Certain Mental Powers Peak Much Later in Life
It's widely thought that there's an age when you're at your mental prime, and then begin the decline. Not so, according to researchers. Different ages means reaching new peaks in your mental abilities.
Natalie has been writing professionally for about 6 years. After graduating from Ithaca College with a degree in Feature Writing, she snagged a job at PCMag.com where she had the opportunity to review all the latest consumer gadgets. Since then she has become a writer for hire, freelancing for various websites. In her spare time, you may find her riding her motorcycle, reading YA novels, hiking, or playing video games. Follow her on Twitter: @nat_schumaker
It's widely thought that there's an age when you're at your mental prime, and then begin the decline. Many aspiring novelists thought for a time that they had to crank out a great work before they hit 30, but recent research dispelled those notions. Most great authors were in their 40s and 50s when they penned their breakthrough book. For mental prowess as a whole, however, researchers are finding certain abilities get stronger or weaker at different ages.
Joshua Hartshorne and Laura Germine were able to create a sample pool of tens of thousands of people through the online websites gameswithwords.org and testmybrain.org — quite a large set of data. These sites allowed researchers to test people's abilities to perceive emotions from photos, vocabulary skills, and short-term memory. Try the tests out for yourself; some of them are quite difficult (depending on your age).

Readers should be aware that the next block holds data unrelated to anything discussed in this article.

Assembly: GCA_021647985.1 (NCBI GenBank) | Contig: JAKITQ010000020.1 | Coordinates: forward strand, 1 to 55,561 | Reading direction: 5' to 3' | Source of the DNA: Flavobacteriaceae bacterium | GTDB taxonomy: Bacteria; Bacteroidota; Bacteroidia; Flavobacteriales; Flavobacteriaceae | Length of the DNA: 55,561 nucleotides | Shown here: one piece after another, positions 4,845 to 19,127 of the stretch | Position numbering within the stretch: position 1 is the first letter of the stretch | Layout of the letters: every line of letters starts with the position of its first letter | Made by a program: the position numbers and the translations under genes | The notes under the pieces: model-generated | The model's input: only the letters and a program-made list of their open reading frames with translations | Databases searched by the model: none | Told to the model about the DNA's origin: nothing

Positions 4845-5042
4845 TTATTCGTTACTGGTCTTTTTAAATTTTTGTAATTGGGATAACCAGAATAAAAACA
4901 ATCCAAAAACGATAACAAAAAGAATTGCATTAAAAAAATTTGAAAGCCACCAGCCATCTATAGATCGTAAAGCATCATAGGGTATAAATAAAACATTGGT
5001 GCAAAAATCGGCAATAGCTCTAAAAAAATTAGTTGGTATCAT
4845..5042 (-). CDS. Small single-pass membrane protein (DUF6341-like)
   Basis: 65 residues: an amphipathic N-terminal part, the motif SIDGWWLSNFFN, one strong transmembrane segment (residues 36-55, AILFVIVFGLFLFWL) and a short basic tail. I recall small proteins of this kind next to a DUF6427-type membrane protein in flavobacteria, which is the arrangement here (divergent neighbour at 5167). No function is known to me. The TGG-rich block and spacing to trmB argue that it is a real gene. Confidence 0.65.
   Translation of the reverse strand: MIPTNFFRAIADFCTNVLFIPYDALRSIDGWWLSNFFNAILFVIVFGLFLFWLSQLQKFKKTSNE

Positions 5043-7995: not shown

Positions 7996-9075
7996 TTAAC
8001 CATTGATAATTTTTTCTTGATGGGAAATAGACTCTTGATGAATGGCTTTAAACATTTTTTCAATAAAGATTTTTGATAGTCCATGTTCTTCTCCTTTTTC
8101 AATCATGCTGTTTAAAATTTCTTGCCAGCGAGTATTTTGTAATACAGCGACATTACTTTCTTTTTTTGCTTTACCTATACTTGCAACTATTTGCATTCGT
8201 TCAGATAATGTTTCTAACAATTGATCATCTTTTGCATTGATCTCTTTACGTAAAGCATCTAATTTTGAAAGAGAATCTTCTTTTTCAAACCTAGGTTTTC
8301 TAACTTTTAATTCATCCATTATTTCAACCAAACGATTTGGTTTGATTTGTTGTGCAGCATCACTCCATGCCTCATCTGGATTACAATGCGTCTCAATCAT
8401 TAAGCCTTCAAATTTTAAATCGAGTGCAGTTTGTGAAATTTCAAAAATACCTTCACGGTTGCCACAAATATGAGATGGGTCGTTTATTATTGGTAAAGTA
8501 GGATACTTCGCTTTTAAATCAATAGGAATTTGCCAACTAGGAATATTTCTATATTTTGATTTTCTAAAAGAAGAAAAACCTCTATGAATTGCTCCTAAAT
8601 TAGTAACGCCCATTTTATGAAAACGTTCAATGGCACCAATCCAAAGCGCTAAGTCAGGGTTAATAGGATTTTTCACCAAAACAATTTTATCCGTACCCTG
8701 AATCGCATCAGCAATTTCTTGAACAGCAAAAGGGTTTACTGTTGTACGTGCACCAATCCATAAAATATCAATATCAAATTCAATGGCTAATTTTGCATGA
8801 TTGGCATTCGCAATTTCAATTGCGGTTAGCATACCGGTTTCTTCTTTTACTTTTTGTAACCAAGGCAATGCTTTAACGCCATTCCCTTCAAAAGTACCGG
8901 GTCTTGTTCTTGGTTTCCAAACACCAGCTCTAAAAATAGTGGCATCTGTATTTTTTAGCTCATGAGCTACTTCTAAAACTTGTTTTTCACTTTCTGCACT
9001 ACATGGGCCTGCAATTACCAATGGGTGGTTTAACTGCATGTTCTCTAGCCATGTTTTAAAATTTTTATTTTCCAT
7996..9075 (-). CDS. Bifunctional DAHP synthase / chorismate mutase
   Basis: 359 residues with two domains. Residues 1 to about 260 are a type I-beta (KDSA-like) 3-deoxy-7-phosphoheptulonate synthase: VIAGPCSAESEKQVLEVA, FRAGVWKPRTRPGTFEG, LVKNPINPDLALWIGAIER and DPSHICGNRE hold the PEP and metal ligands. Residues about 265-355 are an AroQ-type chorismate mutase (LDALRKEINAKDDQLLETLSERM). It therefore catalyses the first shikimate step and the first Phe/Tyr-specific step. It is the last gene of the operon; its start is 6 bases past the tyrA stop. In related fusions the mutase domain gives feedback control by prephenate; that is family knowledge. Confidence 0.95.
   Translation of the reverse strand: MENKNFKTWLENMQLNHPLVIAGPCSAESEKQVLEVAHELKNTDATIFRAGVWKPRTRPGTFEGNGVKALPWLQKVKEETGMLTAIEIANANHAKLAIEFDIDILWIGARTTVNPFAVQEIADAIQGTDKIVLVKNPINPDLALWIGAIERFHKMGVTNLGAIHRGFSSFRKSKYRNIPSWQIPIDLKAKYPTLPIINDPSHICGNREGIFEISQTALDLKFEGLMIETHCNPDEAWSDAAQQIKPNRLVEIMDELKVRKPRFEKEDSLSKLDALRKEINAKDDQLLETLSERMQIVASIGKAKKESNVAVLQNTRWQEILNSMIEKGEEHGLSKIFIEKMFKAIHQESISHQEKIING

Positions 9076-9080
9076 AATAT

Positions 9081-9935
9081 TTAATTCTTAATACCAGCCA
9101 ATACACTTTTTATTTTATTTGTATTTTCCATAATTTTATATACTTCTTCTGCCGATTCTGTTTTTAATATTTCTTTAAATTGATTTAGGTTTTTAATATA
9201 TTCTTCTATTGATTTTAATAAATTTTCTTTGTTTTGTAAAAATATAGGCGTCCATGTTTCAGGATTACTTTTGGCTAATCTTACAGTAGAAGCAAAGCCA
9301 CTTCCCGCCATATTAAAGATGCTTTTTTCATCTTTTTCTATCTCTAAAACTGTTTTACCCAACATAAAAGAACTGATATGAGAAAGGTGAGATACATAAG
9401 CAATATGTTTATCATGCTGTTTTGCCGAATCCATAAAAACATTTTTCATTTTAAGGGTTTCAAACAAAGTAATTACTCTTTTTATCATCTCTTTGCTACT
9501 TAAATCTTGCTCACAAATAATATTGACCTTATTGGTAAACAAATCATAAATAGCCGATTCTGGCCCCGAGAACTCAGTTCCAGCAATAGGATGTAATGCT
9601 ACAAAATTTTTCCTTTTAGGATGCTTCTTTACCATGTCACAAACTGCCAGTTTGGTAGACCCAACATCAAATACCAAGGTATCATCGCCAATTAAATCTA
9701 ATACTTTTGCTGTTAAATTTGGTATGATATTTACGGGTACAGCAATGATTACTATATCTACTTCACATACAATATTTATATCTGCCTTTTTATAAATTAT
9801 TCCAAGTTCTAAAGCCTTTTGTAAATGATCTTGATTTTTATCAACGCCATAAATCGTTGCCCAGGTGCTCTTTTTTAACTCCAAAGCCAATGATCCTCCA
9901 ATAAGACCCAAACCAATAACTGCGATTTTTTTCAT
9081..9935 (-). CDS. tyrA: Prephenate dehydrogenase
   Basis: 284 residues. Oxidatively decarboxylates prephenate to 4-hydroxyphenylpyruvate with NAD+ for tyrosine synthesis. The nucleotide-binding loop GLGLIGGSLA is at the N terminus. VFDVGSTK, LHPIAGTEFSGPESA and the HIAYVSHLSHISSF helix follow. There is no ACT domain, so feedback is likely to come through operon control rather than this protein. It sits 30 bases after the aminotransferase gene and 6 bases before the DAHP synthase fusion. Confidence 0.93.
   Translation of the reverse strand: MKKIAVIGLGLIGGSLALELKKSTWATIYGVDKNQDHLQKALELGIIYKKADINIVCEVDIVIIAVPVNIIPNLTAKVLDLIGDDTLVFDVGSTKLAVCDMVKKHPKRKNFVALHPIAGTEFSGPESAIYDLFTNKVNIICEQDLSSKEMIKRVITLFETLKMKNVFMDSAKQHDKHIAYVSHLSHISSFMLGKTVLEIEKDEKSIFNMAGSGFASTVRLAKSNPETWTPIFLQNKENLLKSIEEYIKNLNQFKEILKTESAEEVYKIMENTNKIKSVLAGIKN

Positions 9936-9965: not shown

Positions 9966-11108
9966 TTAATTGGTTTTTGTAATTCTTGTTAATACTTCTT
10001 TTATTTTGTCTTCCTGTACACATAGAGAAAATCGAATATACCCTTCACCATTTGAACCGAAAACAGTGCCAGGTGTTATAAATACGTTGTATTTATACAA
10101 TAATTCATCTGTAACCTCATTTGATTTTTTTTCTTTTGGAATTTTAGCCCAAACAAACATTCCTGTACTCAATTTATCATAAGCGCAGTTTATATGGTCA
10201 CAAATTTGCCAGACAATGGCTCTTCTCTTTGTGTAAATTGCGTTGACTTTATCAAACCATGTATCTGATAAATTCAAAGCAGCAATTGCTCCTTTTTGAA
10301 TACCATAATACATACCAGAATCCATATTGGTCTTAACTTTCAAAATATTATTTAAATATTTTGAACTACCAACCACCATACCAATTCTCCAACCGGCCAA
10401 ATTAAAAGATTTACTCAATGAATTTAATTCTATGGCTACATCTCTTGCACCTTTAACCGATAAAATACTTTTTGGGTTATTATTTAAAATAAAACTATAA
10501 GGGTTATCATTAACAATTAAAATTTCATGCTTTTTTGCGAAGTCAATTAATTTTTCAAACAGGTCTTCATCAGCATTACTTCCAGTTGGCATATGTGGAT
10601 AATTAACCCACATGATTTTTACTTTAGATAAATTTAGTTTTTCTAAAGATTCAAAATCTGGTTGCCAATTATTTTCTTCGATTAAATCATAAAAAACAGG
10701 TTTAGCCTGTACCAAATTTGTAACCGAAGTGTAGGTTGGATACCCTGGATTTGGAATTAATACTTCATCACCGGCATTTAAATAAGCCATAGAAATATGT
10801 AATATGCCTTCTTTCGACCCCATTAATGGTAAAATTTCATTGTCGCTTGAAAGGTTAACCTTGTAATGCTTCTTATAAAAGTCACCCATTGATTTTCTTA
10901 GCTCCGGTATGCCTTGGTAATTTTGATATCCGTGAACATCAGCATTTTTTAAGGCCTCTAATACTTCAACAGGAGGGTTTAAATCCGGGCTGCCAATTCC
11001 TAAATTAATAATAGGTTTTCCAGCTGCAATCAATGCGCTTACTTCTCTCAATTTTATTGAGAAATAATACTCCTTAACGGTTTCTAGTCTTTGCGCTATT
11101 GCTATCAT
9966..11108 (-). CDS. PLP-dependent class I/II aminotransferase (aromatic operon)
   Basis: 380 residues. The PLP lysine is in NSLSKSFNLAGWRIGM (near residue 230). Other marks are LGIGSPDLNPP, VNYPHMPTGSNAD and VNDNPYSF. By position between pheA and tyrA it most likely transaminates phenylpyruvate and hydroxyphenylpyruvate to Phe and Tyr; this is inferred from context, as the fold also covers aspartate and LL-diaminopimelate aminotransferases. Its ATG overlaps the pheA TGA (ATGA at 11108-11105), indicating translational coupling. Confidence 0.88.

Provided that the participants gave an accurate age, the results indicate that mental abilities vary by age. Hartshorne said to MIT News:
"At any given age, you’re getting better at some things; you’re getting worse at some other things; and you’re at a plateau at some other things. There’s probably not one age at which you’re peak on most things, much less all of them."
For instance, the ability to identify emotions peaks between 40 and 60; vocabulary peaks around 60 or 70 years of age; and visual working memory peaked at 25, while working memory for numbers peaked around the mid-30s.
"The complexities described in this article provide a rich, challenging set of phenomena for theories of development, maturation, and aging."
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